Pairs Trading Workshop conducted at IIT-Kanpur by ALPHABETA
All hail the new 'Bond' - The Bharat Bond ETF
All fixed income investment lovers have a new reason to rejoice. They are celebrating the introduction of the Bharat Bond ETF - the first corporate bond ETF which marks the emergence of a new class of investment in India. Bharat Bond ETF is a debt exchange traded fund (ETF) that will hold only bonds issued by public sector companies owned by the Government of India. It is an initiative by the Government of India to help public sector organisations with their borrowing requirements and at the same time give an opportunity to retail investors to access the bond market in an easy and liquid manner. Earlier, bond issuances were done through private placements and a minimum amount of Rs. 10 lakh was required to be invested. This excluded small retail investors from participating in the bond market due to liquidity and accessibility constraints. The Bharat Bond ETF allows small investors to invest a minimum of INR 1,000, hence creating a potential opportunity for all investors to get more returns from the Bond ETF as compared to a bank fixed deposit.
What is the Bharat Bond ETF?
Structure of the Bharat Bond ETF
The Bharat Bond ETF will invest in a basket of bonds with AAA credit rating issued by Central Public Sector Undertakings (CPSUs) Central Public Sector Enterprises (CPSEs), Central Public Financial Institutions (CPFIs) any other Government organisation bonds. An interesting feature about this ETF is a designated fixed maturity date. Bharat Bond ETF comes in two variants - 2023 maturity ETF and 2030 maturity ETF. Upon maturity, the investor will receive the principal plus interest earned at the time of maturity. So, does that mean there is a lock in period for 3 years and 10 years? No, investors can sell the units like a stock on the stock exchange during market hours (just like how a stock ETF trades).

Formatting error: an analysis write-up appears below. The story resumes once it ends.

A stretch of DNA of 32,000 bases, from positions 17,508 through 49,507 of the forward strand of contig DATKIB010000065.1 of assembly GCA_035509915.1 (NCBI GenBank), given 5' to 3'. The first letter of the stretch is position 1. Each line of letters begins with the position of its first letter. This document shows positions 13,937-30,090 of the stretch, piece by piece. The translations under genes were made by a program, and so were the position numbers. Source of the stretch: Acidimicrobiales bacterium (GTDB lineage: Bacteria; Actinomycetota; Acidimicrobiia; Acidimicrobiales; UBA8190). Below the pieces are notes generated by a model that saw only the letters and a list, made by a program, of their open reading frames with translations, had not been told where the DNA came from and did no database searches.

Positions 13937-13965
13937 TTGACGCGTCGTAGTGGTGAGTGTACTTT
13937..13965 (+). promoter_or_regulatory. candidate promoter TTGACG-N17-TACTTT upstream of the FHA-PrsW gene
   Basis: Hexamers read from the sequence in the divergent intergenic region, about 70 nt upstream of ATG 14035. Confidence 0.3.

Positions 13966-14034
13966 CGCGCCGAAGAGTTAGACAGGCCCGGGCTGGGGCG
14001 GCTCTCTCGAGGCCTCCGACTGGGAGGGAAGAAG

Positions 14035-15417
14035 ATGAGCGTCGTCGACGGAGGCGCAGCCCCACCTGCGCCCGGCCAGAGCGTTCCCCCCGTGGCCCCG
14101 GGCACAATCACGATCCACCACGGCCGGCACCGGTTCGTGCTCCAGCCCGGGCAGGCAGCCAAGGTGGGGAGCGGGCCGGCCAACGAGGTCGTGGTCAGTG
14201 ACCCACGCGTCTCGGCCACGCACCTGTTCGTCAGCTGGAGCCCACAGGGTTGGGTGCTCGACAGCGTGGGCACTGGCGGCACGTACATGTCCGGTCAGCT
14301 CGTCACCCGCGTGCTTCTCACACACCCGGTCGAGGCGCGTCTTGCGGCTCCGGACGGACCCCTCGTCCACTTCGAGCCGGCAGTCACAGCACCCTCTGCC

The Bharat Bond ETF is a passive fund which will track the NIFTY Bharat Bond Index. The index is created and maintained by NSE and will be free from any active fund manager bias (for now will be managed by Edelweiss Asset Management). The asset management company will keep launching new series every year - for example, ETF 2024 will be launched in 2021 with a three year maturity, similarly Bharat Bond ETF 2031 will be launched in 2021 with a 10 year maturity. Every year a new ladder of Bond ETF will be created which will start maturing every year starting from 2023.
Will there be re-balancing?
The entire series will not constitute the same basket of bonds throughout. The index will be rebalanced on a quarterly basis by NSE and downgraded constituents will be taken out of the index during re-balancing. The constituent will be excluded from the index if the rating falls to lower than “AAA” or if it ceases to be a CPSE.
How does a Bond ETF behave?
Before going ahead, let’s talk about ETFs. An exchange traded fund is a mutual fund that trades on exchange just like a stock. It is a passive investing instrument, for example, the NIFTY50 ETF replicates the index. ETFs normally are open ended and do not have a maturity date. They trade as long as their listing continues on the exchange. But the Bharat Bond ETF comes with a fixed maturity date which provides accountability and transparency.